Conservation Easement Workshop
29 March 2005

Valley Conservation Council and Virginia Outdoors Foundation representatives presented an informational workshop on Conservation Easements at the Highland Center. Sadly, not very many Highlanders were present. A conservation easement is an excellent way to protect one’s property for the future while still using it exactly as one pleases — assuming that it is not pleasing to clearcut it or turn it into a housing development.

Each easement is tailored to the wishes of the landowners. One can continue to live on the land indefinitely and sell it or pass it on to one’s family. All traditional activities such as farming and hunting can continue unless they are specifically prohibited by your own choice in the easement. You may harvest timber in a sustainable manner under a sound management plan. High-value areas such as wetlands or endangered species habitat must be protected. You must pay to have your property appraised but you will receive state and federal tax benefits that more than make up for the costs. An easement does not open your land to the public or cause any other inconvenience.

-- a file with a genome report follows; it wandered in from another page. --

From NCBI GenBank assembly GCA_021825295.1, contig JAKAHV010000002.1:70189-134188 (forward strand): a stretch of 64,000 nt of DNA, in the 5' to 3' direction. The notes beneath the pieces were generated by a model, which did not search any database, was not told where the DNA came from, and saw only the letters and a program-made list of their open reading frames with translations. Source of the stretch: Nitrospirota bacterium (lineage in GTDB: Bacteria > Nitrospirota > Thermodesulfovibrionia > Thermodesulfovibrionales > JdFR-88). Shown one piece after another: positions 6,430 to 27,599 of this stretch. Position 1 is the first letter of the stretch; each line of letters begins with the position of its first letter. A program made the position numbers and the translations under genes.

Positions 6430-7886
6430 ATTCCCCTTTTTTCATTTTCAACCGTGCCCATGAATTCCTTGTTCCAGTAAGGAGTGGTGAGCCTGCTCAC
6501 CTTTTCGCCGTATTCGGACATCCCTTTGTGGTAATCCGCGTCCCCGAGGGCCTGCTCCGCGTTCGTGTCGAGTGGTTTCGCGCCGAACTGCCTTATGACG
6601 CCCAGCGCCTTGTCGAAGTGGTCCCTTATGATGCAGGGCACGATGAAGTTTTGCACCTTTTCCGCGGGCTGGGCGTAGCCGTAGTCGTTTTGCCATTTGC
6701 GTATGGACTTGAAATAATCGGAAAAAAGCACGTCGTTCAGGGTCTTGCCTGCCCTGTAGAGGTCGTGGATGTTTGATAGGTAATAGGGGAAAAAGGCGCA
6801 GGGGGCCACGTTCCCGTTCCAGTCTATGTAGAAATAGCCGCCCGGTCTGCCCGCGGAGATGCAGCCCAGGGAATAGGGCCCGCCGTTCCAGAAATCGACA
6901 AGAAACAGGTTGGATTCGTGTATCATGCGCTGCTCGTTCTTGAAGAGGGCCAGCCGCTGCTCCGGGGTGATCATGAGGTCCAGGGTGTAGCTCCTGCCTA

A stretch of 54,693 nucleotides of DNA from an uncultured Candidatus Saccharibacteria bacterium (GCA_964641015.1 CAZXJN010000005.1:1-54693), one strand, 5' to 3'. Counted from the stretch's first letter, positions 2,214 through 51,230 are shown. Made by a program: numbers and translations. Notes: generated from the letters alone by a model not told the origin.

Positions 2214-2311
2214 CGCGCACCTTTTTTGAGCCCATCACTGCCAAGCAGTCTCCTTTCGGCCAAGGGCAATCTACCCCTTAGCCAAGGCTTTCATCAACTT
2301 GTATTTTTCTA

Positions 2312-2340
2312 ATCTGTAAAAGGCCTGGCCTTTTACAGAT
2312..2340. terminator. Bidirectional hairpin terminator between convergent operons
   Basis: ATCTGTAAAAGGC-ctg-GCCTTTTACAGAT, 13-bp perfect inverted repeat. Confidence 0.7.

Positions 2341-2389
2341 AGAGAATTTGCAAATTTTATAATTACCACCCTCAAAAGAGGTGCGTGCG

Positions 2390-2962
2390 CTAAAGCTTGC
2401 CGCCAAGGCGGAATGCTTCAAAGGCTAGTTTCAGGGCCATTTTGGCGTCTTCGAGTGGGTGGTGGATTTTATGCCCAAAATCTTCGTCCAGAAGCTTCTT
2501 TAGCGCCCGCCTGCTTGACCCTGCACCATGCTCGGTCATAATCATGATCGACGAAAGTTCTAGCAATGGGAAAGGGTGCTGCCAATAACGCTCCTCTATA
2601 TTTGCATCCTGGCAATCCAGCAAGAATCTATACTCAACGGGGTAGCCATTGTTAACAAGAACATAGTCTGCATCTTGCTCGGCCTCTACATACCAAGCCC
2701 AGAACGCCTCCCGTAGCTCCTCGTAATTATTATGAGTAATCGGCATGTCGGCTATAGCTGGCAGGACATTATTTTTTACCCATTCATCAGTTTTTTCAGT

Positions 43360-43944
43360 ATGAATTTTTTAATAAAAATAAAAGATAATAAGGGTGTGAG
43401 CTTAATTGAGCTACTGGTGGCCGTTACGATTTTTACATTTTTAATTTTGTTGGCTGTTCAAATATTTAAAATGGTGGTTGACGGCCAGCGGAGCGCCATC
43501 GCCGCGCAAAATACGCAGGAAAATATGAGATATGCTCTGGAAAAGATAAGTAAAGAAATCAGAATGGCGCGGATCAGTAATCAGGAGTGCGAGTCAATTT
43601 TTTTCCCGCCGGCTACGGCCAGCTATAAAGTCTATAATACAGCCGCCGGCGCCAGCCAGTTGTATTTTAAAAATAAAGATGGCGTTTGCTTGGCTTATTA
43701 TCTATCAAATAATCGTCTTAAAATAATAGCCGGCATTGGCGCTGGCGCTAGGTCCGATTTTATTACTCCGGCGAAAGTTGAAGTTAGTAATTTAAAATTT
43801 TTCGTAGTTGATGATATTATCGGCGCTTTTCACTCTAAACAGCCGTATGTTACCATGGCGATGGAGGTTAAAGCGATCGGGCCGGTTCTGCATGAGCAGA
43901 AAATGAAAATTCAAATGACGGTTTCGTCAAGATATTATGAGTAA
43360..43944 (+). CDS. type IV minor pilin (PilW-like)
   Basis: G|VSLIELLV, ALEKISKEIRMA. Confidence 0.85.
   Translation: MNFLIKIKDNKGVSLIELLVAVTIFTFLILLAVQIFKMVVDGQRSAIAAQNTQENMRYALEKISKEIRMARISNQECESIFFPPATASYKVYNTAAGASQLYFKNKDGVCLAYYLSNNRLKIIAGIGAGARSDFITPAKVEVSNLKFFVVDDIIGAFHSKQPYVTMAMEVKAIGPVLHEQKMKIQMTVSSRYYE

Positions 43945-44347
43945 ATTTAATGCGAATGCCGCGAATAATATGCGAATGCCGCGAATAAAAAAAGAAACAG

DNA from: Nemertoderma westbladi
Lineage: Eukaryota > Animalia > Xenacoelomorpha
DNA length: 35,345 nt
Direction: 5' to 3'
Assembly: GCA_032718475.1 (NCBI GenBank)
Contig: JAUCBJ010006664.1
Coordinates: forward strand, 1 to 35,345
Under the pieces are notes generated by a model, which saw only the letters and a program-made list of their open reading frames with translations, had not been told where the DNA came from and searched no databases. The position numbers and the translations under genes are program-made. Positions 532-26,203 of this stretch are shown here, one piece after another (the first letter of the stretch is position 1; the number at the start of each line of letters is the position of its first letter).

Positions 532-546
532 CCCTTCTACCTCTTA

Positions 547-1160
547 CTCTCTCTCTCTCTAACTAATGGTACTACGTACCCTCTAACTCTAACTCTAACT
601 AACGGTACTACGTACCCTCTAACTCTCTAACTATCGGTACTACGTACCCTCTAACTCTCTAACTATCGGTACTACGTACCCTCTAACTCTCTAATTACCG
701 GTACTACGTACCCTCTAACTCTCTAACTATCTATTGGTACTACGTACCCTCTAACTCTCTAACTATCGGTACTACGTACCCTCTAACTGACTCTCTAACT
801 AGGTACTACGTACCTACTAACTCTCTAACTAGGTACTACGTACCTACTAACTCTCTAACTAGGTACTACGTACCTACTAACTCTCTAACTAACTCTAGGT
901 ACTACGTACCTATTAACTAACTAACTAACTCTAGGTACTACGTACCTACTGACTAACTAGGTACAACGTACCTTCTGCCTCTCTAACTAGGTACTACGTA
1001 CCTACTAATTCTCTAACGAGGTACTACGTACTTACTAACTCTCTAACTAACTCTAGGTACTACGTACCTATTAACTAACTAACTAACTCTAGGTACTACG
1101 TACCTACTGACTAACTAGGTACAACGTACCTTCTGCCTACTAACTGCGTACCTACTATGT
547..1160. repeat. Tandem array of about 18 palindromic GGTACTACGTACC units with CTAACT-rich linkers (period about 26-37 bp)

One thing I learned at this workshop is that an easement is nearly ironclad protection against eminent domain for things like power-transmission lines, for example. All property owners who would like to see their land remain as it is now should consider an easement. I will be glad to talk with anyone about this or you can check the VCC web site, link above, or call them at 877-216-1782 for more info.

John R. Sweet, Mustoe, VA